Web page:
Report explores issues caused by demonetization, deterioration in agriculture sector
The sudden move to demonetise a bulk of Indian currency in circulation and the deteriorating agrarian distress in the country have exposed the consequences of financial exclusion, said a report released Tuesday.
The India Exclusion Report 2017-18 brought out by Centre for Equity Studies (CES), said people's ability to spend, receive wages and survive depended crucially on whether they were part of the banking system or not after 84 per cent of all cash in the economy was made invalid on November 8, 2016.
"The experience of demonetisation, as well as the further deterioration in the crisis in agriculture, has brought to the forefront the consequences of financial exclusion in India," it said.
The report comes a nearly a week after farmers from across the country gathered in Delhi to highlight their issues. They marched peacefully in the national capital and demanded that the government ensure remunerative prices for their produce and the implementation of the Swaminathan Commission Report.
Following demonetisation, the agriculture sector was one of the worst hit as farmers usually deal in cash.
The CES report also viewed the abolition of the Planning Commission and discontinuation of Five Year Plans as having "adverse implications" for decentralised planning and social equity.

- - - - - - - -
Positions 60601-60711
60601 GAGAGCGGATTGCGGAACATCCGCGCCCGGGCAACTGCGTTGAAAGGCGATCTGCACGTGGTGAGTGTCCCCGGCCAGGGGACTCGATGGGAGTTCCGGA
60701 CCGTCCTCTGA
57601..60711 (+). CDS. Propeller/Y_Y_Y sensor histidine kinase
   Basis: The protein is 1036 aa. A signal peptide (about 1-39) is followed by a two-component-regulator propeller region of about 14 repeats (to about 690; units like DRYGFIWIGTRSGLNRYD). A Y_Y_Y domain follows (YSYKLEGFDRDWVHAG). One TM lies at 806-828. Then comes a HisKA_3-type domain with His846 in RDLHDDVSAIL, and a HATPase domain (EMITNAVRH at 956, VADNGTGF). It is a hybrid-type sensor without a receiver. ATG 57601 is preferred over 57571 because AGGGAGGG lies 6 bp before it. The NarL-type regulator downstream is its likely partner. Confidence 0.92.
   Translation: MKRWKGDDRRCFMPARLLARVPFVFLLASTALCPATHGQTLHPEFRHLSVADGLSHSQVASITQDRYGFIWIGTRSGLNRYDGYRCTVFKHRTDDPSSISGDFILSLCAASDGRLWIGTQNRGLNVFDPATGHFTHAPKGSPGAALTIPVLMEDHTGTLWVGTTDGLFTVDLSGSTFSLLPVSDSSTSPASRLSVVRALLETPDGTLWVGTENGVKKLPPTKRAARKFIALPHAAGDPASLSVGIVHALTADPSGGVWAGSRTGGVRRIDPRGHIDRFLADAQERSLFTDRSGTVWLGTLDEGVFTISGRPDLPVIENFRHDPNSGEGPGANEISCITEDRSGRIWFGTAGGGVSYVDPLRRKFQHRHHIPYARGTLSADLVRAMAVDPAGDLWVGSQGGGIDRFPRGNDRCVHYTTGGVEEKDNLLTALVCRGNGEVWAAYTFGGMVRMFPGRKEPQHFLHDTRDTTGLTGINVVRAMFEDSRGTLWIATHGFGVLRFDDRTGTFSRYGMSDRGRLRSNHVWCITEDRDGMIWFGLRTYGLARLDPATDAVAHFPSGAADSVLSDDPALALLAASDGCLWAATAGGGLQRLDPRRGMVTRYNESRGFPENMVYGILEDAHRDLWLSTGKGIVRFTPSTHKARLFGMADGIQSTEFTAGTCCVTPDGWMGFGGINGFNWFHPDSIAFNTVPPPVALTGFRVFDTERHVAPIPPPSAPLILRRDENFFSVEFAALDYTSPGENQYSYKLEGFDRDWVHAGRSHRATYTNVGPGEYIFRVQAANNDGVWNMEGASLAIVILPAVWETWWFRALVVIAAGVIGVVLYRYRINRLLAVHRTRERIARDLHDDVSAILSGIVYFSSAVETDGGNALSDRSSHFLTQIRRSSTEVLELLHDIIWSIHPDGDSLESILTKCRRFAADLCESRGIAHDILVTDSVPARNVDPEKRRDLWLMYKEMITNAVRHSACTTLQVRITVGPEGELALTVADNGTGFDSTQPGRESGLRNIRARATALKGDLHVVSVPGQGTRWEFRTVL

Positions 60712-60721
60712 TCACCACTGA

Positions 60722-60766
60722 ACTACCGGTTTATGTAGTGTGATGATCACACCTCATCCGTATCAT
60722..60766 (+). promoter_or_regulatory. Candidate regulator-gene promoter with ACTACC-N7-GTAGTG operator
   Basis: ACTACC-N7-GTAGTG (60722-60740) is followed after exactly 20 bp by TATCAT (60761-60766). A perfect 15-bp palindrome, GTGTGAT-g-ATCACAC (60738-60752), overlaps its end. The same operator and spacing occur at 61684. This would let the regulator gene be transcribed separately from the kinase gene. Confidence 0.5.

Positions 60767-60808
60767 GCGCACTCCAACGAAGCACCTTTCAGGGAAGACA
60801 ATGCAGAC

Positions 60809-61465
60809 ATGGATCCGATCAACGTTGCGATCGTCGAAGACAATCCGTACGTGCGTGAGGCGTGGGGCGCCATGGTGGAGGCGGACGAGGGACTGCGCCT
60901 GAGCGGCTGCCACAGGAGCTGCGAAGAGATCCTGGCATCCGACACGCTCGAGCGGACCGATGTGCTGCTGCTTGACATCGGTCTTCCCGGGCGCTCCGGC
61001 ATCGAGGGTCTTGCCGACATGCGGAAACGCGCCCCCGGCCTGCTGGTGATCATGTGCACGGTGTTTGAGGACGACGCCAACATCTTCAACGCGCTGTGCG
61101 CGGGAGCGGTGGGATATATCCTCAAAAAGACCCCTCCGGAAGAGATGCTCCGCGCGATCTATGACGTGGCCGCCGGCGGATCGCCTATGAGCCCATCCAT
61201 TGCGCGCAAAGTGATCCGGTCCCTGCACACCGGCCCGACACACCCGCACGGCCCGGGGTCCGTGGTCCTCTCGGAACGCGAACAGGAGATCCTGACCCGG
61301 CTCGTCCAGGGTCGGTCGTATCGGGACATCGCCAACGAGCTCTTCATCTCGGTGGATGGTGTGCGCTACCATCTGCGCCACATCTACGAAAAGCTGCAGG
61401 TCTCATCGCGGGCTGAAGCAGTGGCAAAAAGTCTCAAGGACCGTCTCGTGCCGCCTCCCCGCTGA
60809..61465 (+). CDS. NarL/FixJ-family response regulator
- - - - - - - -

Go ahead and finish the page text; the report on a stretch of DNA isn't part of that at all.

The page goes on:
"Planning Commission was pro-actively engaged in developing Plan budgets, preparation of FYPs and overseeing the implementation of Scheduled Caste and Tribal sub-plans, on the other hand, the NITI Aayog has no direct involvement in planning and budgetary processes," it noted.
On January 1, 2015, the socialist-era Planning Commission was replaced by the National Institution for Transforming India (NITI Aayog). It is headed by the prime minister and has all chief ministers as members in a broad-based Governing Council to involve states in evolving national development priorities.
The report comprises critical reviews of exclusion in terms of public goods — including higher education, tribal land, banking and credit, and access to justice for those on death row — in the form of field-based and analytical write-ups.
Releasing the report, Harsh Mander, CES director, said each chapter in it is best seen as evidence-based reflections striving to see the extent and ways in which the Indian State has succeeded or failed in fulfilling the constitutional mandate.
(With inputs from agencies.)